Capturing Lord Stanley
Powder Photographer Blake Jorgenson talks about shooting the Stanley Cup Finals.
by Catie Collins
On June 9, Ontario native and professional photographer Blake Jorgenson was hired to shoot games five and seven of the Stanley Cup Finals for the Vancouver Canucks. Best known for his photography of park and backcountry skiing, Blake has also shot at major sporting events like the Olympics and X games. We caught up with him to discuss his hockey experience and shooting the Stanley Cup Finals.
Were you bummed that the Canucks lost game 6, or are you excited because you get to shoot game 7?
Yeah [laughs], I was pretty excited because I get to shoot game 7.
What was your reaction when the Canucks offered you the gig?
I was really excited, and it was good timing.
How did you get the job?
It was also the same people I worked with at the Olympics, so that was how I got hooked up with the job. But we are working to put together a coffee table book, so it’s really going to tell a story.
Have you ever shot hockey before?
No, I have never even seen a game before [laughs].
What’s the atmosphere like at the Stanley Cup playoffs?
It’s super crazy—there’s so much going on and so much to shoot. I will be half in the stadium shooting stuff and the there is exciting crazy stuff happening outside the stadium that I have to shoot. I was right behind the goalie too, so I was getting crazy footage and then I would go outside and shoot the thousands of people in the street.
This isn’t your first time shooting a large sporting event. What would you say the difference is between shooting the Olympics or X games and shooting the NHL finals?
I think it’s just a much, much bigger scale. There will be 20,000 people inside the stadium and then 100,000 people outside the stadium and at the same time the game going on. There’s so much to shoot and this is such a big event up here.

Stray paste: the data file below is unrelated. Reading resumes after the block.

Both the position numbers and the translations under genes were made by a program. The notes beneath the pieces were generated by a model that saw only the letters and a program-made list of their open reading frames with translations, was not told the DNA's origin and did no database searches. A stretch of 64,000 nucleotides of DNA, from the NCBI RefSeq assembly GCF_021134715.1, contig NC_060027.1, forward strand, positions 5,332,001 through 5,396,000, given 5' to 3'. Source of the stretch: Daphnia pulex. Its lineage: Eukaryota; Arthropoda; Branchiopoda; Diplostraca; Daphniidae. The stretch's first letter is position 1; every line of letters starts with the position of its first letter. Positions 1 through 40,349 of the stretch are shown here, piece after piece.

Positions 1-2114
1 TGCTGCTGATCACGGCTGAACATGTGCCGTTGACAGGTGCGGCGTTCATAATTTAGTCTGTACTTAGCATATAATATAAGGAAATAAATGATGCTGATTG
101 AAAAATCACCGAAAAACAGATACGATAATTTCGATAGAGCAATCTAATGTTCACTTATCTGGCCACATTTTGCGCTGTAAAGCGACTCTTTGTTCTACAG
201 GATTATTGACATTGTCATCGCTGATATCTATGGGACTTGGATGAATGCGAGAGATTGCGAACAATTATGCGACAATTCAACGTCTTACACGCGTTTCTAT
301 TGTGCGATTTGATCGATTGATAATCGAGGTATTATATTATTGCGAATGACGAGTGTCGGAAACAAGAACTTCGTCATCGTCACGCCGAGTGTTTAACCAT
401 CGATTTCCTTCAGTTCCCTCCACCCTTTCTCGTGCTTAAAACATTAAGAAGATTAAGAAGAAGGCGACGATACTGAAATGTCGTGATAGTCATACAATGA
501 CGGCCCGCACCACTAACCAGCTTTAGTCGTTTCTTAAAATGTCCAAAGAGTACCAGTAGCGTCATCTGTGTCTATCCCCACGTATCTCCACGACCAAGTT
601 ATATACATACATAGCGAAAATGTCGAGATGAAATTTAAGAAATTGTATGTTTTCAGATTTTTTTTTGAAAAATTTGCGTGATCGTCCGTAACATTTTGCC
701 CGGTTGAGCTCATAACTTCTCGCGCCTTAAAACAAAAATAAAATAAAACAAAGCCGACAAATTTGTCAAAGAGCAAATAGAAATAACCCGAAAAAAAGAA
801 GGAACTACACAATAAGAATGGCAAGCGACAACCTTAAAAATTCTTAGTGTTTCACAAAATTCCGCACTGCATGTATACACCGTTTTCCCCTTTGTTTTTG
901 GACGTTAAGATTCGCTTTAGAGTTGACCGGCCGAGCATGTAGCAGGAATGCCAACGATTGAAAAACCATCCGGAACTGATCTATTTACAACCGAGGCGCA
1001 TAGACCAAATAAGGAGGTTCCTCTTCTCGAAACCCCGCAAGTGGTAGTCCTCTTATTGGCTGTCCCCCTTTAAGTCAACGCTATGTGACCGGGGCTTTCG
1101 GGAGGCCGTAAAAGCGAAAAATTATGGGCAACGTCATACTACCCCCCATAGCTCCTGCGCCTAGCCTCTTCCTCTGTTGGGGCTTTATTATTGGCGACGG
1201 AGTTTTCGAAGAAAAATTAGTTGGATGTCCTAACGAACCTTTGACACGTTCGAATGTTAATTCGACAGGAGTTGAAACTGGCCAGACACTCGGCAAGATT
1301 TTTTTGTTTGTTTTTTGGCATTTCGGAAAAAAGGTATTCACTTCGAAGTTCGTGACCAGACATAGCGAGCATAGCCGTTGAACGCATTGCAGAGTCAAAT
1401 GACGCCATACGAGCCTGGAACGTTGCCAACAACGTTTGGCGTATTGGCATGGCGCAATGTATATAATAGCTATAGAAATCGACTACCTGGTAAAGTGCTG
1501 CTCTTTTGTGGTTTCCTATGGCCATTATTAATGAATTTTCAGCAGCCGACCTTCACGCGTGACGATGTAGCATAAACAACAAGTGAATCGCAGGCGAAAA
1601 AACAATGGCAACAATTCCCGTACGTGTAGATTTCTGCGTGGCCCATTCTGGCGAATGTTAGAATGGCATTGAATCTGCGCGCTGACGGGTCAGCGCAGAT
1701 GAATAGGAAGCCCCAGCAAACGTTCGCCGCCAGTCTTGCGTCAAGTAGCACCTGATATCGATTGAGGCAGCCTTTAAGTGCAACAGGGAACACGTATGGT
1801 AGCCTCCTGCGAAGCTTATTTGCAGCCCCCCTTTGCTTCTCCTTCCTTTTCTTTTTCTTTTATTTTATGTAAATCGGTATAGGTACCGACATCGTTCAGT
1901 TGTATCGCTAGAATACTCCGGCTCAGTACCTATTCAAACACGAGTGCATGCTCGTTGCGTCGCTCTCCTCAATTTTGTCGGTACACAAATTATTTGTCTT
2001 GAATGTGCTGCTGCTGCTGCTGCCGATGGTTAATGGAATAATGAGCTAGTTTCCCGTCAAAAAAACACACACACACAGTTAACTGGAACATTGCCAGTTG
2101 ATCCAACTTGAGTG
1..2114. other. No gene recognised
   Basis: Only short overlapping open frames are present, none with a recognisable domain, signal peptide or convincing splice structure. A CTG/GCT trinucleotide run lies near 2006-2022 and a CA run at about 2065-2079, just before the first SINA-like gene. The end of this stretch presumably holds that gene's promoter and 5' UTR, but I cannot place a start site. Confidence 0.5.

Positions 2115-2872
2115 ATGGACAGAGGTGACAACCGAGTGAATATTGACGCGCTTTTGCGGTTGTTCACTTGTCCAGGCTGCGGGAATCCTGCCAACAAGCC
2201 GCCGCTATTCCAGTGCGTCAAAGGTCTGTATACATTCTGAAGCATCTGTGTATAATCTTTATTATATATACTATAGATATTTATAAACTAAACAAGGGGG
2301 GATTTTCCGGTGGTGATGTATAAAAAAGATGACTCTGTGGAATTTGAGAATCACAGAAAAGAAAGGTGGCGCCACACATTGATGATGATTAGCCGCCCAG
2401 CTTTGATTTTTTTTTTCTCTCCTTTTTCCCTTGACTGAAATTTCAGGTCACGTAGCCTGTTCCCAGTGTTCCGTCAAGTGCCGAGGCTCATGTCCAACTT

How is the intensity for the Stanley Cup different than events you’ve done in the past?
In this neck in the woods, it’s the biggest thing. Whereas in the States, hockey is not nearly as big. Everyone up here is going crazy over this.
Is the interaction with the athletes different than say an X games shoot?
I don’t know any of the Canucks, but I am still able to communicate with them and get as close as I would at X games. But at the X games, I know a lot of the different athletes so I can get really personal. At the game, I can still get really close to the athletes. The only thing that is tough about the X Games, is that they cram you into such a small space. Whereas here, I can wander around to get all the shots that I want. The one major difference is the Stanley Cup is extremely well organized for how large an event it is.
Were you able to move around the rink to get better angles or were you pretty restricted as to where you could move?
It really wasn’t a restricted job. I was supposed to shoot the moments behind the moments, not just the action of the game. So I was supposed to be getting the game, the crowd in the arena, and then everything that was going on outside. I would be inside right behind the glass, then in the crowd, back on the ice and then outside getting the emotion outside. It wasn’t just about getting shots of the game; it was about getting a story. So it really was more editorial photography because it really had to speak and say something.
Overall is it a fun event to be shooting?
Super fun. The majority of the shots I produce myself and all I have to do is show up and take the pictures and experience the event.
What differences are there between shooting a hockey game and a backcountry shoot?
Backcountry or any other shoot in nature you are in control other than Mother Nature, of course. Where in these situations, everything continues to happen even when you aren’t ready and aren’t focused. So you really have to be paying attention because at any moment you could miss something. That was what has been hard has been the continuous action.
Is it harder shooting hockey than skiing?
Hockey is harder to get great shots and make something that you haven’t already seen. Shooting in backcountry, you’re always having to get more creative ways to get certain shots, but you are able to manipulate things and wait until you’re ready. Where like I said before, hockey is always going even if you aren’t ready.
How do you think this opportunity will affect your career?
No idea. It’s good to know there is more out there than skiing for me to shoot. But I love skiing and will always shoot skiing.
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